1. Smart Cities: Huge gap between power supply and mobile phone penetration

Smart Cities: Huge gap between power supply and mobile phone penetration

Customised solutions, urban local bodies to monetise overall governance key

By: | Published: August 27, 2016 6:13 AM
In its report, Building Smart Cities in India, Brookings India has taken a hard look at three cities—Allahabad, Ajmer and Visakhapatnam—where the US is involved and stated that digital solutions alone will not deliver the results India hopes to achieve. (Representative image) In its report, Building Smart Cities in India, Brookings India has taken a hard look at three cities—Allahabad, Ajmer and Visakhapatnam—where the US is involved and stated that digital solutions alone will not deliver the results India hopes to achieve. (Representative image)

As Indian cities start work towards becoming ‘Smart’, there is a yawning gap in electricity supply and mobile phone penetration—which are crucial to being smart—compared to global peers.

In its report, Building Smart Cities in India, Brookings India has taken a hard look at three cities—Allahabad, Ajmer and Visakhapatnam—where the US is involved and stated that digital solutions alone will not deliver the results India hopes to achieve.

It has suggested a series of policy recommendations to improve implementation.

This includes creating customised solutions, getting urban local bodies to monetise their overall governance approach and elevate the financial standing to make urban areas attractive for future investment.

It suggested creating a municipal bond market like in the US as a significant source of capital.

In its report, Building Smart Cities in India, Brookings India has taken a hard look at three cities—Allahabad, Ajmer and Visakhapatnam—where the US is involved and stated that digital solutions alone will not deliver the results India hopes to achieve.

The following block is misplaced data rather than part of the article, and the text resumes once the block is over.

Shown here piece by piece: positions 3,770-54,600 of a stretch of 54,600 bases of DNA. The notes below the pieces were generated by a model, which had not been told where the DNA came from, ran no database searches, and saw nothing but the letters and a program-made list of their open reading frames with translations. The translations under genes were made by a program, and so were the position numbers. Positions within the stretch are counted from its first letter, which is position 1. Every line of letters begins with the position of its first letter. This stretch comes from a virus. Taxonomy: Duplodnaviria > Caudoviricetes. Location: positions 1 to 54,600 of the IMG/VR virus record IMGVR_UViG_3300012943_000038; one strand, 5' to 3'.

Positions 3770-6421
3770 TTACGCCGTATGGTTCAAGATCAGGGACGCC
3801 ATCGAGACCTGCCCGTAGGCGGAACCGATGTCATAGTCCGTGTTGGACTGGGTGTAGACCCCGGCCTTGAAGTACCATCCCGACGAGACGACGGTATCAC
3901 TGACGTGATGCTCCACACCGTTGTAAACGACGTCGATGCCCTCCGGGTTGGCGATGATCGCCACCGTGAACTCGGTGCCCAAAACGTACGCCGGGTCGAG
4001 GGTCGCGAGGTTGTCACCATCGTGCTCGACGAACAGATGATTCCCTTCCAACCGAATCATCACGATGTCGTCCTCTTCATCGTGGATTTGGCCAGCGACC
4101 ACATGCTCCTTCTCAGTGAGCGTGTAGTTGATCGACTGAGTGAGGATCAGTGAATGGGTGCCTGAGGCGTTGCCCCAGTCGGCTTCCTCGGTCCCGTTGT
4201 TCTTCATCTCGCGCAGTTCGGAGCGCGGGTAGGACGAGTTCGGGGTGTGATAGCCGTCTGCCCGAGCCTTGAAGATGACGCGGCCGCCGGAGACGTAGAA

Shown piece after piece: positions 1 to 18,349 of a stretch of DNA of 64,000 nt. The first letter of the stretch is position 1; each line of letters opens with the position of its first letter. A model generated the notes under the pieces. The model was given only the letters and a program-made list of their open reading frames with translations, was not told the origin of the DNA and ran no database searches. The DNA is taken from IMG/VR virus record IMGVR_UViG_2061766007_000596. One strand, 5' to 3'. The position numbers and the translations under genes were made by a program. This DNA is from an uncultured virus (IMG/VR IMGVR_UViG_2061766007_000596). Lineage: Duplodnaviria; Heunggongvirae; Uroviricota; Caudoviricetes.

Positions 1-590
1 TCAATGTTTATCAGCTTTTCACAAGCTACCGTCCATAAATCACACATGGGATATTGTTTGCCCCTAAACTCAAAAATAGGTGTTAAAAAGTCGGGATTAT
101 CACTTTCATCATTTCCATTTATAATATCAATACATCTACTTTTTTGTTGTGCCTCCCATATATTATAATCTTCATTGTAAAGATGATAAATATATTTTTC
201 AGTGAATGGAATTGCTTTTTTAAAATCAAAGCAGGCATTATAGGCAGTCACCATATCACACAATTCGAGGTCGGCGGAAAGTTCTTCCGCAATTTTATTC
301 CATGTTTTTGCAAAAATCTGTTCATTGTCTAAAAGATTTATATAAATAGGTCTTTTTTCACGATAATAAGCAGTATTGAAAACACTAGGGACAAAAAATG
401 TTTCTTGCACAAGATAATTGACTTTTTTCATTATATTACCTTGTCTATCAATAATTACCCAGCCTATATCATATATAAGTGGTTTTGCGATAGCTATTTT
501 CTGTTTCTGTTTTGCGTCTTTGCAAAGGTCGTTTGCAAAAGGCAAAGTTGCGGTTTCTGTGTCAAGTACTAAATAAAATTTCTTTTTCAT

It has suggested a series of policy recommendations to improve implementation.

This includes creating customised solutions, getting urban local bodies to monetise their overall governance approach and elevate the financial standing to make urban areas attractive for future investment.

It suggested creating a municipal bond market like in the US as a significant source of capital.

Doing this is important as over the next 15 years, over 200 million Indians will shift to cities, taking the country’s urban population to 40% from the current 31%.

It is here that the role of Special Purpose Vehicles (SPVs) is critical, but for that to happen, their long-term role needs to be clearly defined.

Each city needs to have an SPV with 50:50 shareholding between the state government and urban local bodies.

It also points out that despite the 74th Constitutional Amendment Act coming into force in 1992, progress on the 18 functions under the Twelfth Schedule regarding devolution of responsibilities, and governance across Indian cities remains uneven.

Till now, 82% of legislative functions have been devolved.

  1. R
    Raman Govindan
    Aug 28, 2016 at 2:43 pm
    even the present penetration of mobile fans was not due to any effort of the past governments ! it happened because the digital technology improved and the cost declined to such an extent that a house maid, auto, taxi drivers could own one. it happened despite the cong governments all those years. industrialists and business persons would have give a million rupees to own a mobile cell phone around 1990. it will slowly penetrate to the rest od potion sooner. there is no going back.
    Reply

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